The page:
Re: How git performs when you throw all of Debian at it
On Sat, Aug 31, 2013 at 12:44:21AM +0100, Ben Hutchings wrote:
> > Funny that you ask. What's the usual competitor for ZFS?
> > btrfs is included in stock kernels, doesn't take massive amounts of memory,
> > and has a different approach to deduplication.
> and is slower than any of its competitors.
time (tar xfa /usr/src/linux-source-3.11-rc4.tar.xz;sync)
(an old spinning disk, just had a failure of my primary one)
As Ceph backend:
On the other hand, unless you deal with the fsync madness somehow, dpkg
performance is, before kernel 3.5, worse than abysmal, and on 3.5+, merely
bad. Yet even on ext4, getting rid of fsync gives a massive speedup, so
you want to wrap apt/dpkg with eatmydata where possible. With no fsyncs,
btrfs slightly wins.
Thus: it depends on your particular usage pattern. With filesystems of
so different design principles it's hard to tell which is faster: there
are cases when btrfs beats competition by a lot, there are cases where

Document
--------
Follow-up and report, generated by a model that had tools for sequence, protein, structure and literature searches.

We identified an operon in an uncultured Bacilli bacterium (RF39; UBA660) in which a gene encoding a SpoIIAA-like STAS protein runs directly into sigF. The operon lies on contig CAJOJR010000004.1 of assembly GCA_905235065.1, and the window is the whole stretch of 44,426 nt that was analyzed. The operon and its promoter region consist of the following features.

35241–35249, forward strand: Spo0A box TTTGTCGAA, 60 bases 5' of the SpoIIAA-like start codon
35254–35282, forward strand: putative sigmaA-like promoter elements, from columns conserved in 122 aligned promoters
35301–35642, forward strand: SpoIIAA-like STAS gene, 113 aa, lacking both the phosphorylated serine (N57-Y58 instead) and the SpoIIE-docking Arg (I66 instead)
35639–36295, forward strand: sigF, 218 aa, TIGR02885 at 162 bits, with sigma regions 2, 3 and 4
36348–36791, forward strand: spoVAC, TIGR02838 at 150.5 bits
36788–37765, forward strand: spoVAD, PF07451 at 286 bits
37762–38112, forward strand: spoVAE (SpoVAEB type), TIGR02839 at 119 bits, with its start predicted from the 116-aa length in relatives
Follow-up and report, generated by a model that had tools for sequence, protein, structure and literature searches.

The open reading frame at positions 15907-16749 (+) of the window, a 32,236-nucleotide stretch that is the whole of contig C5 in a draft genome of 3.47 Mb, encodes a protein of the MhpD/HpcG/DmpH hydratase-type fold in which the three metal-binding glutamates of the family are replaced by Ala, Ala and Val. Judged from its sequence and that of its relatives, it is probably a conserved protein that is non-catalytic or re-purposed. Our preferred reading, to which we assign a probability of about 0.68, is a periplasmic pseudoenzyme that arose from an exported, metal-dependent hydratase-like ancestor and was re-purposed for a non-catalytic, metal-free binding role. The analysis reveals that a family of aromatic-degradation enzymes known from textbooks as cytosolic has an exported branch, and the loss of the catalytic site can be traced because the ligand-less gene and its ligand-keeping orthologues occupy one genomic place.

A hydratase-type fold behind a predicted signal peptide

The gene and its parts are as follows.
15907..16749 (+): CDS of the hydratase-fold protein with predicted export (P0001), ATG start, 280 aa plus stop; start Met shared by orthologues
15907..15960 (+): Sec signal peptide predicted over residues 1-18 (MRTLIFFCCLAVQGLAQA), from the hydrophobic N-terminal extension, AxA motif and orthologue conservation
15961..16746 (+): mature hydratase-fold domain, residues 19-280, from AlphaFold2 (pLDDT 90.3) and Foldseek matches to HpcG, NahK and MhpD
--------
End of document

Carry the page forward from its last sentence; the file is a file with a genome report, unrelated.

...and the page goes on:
it gets beaten.
> > Recent kernels are needed only for race-free deduplication, "cp --reflink"
> > works in oldstable.
> Please don't suggest using the squeeze or wheezy version of btrfs in
2.6.32 (squeeze) has serious problems in ENOSPC conditions (up to a panic,
but no data loss) and works otherwise, what's the problem with 3.2?
Sure, fsync speed-ups from 3.5 and send/receive from 3.6 are good to have,
but by no means necessary.
Distributions whose commercial support specifically mentions btrfs (Oracle,
SUSE) are using 3.0 and 3.1.
I second the recommendation to use newer kernels, but I see no reason to
discourage using it with wheezy.
[Disclaimer: while I use btrfs on a bunch of machines, I never touched its
internal RAID, so I can vouch only for single block device use (including
hw and md RAID).]
. On ext4, this should be at least debootstrap (no data to lose yet) and
pbuilder/piuparts (a throw-away chroot). On btrfs using eatmydata on apt is
safe even on the host system, albeit not in the default configuration: you'd
need snapshots you can roll back to.